A couple of weeks ago I was invited to be an artist in residence at MAUSA Vauban, a new museum dedicated to urban and street art in the historic town of Neuf-Brisach. My images might seem an odd choice for a street art museum, but the museum’s creator Stanislas Belhomme and director, Clémentine Lemaitre explained that they felt my Knitted Camouflage series fitted in perfectly, using existing urban architecture to create new work.
Neuf-Brisach has recently celebrated its tenth anniversary of being listed as a UNESCO World Heritage site. It was built by Louis XIV’s engineer, the Marquis de Vauban, to defend France against the Holy Roman Empire and subsequently against the German states.
It is laid out on a grid pattern surrounded by octagonal fortifications, constructed to allow enfilading fire on attacking soldiers. The town is surrounded by a moat and could originally be cut off with drawbridges.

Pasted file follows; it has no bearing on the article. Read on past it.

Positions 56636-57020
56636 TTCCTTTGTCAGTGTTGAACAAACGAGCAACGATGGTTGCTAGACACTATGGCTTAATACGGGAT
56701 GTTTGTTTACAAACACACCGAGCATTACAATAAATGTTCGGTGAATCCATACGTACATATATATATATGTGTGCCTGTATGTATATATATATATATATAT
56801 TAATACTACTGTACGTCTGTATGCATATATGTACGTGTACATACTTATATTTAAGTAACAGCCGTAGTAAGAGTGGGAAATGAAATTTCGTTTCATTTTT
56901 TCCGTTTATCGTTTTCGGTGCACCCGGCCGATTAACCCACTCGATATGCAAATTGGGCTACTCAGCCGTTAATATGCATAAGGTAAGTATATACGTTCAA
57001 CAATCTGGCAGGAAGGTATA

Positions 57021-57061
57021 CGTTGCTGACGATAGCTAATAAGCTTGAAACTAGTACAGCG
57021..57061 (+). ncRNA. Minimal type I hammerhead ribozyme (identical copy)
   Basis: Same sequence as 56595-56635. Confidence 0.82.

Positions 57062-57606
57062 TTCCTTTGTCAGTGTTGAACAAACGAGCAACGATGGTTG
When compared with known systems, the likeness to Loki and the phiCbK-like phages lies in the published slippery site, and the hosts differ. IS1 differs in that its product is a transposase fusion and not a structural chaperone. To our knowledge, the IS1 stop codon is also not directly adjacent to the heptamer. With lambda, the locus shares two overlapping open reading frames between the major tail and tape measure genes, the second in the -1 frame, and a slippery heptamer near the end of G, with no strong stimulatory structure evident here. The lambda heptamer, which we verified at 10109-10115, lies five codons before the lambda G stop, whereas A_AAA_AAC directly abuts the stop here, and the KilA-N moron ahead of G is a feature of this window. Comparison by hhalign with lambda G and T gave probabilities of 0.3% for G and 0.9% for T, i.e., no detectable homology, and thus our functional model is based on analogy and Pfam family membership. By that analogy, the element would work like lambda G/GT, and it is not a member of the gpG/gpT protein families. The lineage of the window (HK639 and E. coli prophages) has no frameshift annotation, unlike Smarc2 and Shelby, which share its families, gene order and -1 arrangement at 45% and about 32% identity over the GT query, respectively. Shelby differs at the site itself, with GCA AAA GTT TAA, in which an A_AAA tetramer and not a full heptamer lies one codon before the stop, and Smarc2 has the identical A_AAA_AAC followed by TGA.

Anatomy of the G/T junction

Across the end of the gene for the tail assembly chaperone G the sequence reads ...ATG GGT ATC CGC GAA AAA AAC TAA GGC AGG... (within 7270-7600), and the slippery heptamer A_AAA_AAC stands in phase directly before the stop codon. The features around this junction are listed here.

Set within the ramparts are 2.4km of fortified casemates. The museum has two tunnels with 15 rooms, and invited artists including Seth, Nasty, Pure Evil, Guy Denning, Levalet, Denis Meyers and myself to take over a room each. The space was truly impressive - ancient tunnels, metre thick walls and a palimpsest of marks left by generations of soldiers and visitors.
I have installed 6 prints, all 2m wide or high, which look amazing with the dilapidated walls, and which will be part of the museum’s permanent collection. I also shot portraits of Seth and Denis in their spaces and will be creating collaborative work with them both later in the year.
Dom Poirier of L'Alsace newspaper was kind enough to focus on my installation for an article: